Convincing Baker City residents to run for a seat on the City Council has sometimes proved a major challenge.
But not in 2020.
In a few elections in the past couple decades there were more openings on the City Council than candidates seeking to fill them, forcing city officials to solicit interest from people who received write-in votes.
But this year city voters will have a robust roster of people to choose from when they sit down with their ballot.
Voters will decide who will occupy six of the seven seats on the Council; Lynette Perry is the only incumbent whose term doesn’t end Dec. 31.
And voters will have 13 candidates to consider.
It’s gratifying to see so many people willing to represent their friends, family and neighbors.
Serving as an elected official is a noble pursuit any time. But the Baker City Council will have some vital decisions to make, and likely challenges to confront, over the next couple years.
City Manager Fred Warner Jr. plans to retire at the end of the year. Although newly elected councilors — as few as two and as many as six, depending on the election results — won’t be sworn in until January, they could, and should, at least be involved in interviewing candidates.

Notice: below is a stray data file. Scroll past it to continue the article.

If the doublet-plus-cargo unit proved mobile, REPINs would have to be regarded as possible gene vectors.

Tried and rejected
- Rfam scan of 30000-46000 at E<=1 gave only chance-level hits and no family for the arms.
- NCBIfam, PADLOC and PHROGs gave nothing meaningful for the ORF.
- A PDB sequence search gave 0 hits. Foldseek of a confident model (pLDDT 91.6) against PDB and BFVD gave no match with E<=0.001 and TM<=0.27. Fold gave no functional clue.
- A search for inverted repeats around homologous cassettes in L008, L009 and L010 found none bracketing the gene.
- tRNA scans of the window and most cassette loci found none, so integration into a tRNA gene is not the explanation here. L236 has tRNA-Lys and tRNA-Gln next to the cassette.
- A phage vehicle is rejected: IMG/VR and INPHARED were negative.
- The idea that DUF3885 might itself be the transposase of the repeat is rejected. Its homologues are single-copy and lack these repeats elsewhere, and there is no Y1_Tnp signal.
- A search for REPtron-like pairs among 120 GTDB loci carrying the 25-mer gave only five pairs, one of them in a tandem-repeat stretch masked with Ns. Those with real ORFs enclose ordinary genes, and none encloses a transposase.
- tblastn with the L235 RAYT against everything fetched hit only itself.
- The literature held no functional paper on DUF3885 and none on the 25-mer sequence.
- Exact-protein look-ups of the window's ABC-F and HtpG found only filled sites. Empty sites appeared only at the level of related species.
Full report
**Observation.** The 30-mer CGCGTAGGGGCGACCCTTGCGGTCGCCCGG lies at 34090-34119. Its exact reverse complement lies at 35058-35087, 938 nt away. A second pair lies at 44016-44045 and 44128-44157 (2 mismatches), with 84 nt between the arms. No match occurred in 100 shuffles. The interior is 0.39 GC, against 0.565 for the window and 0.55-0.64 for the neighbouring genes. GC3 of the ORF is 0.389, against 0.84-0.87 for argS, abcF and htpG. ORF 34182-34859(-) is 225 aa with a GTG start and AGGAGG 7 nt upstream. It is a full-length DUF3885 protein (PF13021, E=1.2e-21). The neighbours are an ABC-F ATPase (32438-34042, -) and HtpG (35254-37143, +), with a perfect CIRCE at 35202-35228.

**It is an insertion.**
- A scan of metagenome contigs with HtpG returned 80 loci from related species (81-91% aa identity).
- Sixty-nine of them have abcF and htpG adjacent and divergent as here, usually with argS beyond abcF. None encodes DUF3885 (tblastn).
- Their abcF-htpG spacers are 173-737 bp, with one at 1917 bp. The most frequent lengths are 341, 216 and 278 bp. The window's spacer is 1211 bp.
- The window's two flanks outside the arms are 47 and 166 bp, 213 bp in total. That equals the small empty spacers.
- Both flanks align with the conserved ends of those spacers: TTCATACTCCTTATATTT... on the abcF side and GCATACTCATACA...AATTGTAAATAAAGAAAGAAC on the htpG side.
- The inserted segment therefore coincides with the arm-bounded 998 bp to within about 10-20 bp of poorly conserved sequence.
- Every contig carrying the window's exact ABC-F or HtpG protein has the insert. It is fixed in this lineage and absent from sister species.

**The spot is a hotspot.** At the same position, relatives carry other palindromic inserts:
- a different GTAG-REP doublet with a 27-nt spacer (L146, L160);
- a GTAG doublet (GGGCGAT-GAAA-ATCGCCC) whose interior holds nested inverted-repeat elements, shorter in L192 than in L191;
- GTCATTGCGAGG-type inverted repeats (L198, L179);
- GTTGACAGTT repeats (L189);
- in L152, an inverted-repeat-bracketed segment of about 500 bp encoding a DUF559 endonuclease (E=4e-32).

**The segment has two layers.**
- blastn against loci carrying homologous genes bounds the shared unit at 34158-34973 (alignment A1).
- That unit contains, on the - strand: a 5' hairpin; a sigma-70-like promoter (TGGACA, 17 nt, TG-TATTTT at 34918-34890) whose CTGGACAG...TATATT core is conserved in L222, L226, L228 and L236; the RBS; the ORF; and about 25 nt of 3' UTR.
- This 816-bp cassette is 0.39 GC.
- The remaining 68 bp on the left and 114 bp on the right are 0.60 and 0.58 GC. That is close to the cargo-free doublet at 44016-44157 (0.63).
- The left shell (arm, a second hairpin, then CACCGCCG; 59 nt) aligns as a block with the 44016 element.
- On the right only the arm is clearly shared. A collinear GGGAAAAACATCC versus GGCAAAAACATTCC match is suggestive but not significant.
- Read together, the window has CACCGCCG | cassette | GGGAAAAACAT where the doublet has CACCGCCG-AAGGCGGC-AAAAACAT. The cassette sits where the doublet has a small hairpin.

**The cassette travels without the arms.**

Perry has advocated for putting off the hiring of Warner’s replacement until early next year so the newly constituted City Council, which will have to work with the new manager, can also make the hire. Perry’s idea is a good one.
In the council-manager form of government Baker City follows, the city manager is in effect the city’s CEO, responsible for overseeing the daily operations and hiring and firing department heads and other administrators.
Besides potentially choosing the city’s next chief administrator, the new Council will deal with the continuing effects of the coronavirus pandemic. Thus far those effects haven’t been dramatic at City Hall, at least in a financial sense, since the city’s main sources of local revenue are property taxes, water and sewer service and ambulance runs. But issues are likely to arise, including potentially additional federal COVID-19 aid, that will require councilors to make decisions.
And the financial crisis related to Oregon’s Public Employees Retirement System — PERS — will continue to loom.
With PERS likely to take a larger share of the city’s revenues over the next few years, councilors might face tough choices such as either raising fees or reducing services, potentially in the police and fire departments.
It’s not likely to be a tranquil term for new councilors. It’s a credit to those who are willing to sacrifice their time on the public’s behalf.
— Jayson Jacoby, Baker City Herald editor